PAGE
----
WATERLOO (KWWL) -- Want to protect against the effects of Alzheimer's?
You might want to learn a second language.
Canadian researchers tested about 450 Alzheimer's patients -- half of whom were bilingual.
They all had similar levels of cognitive impairment ... but those who were bilingual had been diagnosed an average of four years after those who spoke only one language.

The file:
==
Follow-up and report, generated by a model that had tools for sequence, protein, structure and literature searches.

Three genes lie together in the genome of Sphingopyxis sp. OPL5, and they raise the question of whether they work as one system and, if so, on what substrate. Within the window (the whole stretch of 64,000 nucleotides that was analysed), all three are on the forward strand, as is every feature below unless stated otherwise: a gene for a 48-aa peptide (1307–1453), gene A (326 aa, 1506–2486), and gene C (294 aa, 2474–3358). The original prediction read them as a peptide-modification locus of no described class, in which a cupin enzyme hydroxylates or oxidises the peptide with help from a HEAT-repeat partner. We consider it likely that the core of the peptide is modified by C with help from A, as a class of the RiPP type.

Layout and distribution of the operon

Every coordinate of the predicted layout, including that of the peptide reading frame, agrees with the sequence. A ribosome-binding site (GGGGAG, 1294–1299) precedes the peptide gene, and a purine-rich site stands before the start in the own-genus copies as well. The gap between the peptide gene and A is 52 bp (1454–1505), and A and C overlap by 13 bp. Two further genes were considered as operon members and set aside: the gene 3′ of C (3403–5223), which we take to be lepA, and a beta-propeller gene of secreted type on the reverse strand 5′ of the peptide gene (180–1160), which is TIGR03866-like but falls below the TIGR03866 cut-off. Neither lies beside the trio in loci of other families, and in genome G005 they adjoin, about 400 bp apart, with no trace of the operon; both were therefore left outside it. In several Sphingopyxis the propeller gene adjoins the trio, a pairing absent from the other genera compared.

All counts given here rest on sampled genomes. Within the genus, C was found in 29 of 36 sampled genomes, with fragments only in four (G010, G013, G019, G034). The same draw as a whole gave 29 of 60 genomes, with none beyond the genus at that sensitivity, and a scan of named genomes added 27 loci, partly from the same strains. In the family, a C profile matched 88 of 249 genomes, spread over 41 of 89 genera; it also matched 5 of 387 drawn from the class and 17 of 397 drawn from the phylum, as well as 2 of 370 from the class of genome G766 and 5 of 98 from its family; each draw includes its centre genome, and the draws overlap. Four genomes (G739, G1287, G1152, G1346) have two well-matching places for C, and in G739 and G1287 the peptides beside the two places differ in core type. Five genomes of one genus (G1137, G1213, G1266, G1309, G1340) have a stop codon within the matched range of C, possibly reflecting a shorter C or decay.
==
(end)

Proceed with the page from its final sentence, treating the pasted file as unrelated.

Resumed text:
Researchers think it's because people who speak more languages use a specific part of their brain more often - allowing them to better cope with the effects of Alzheimer's.
Online reporter/News anchor: Tara Thomas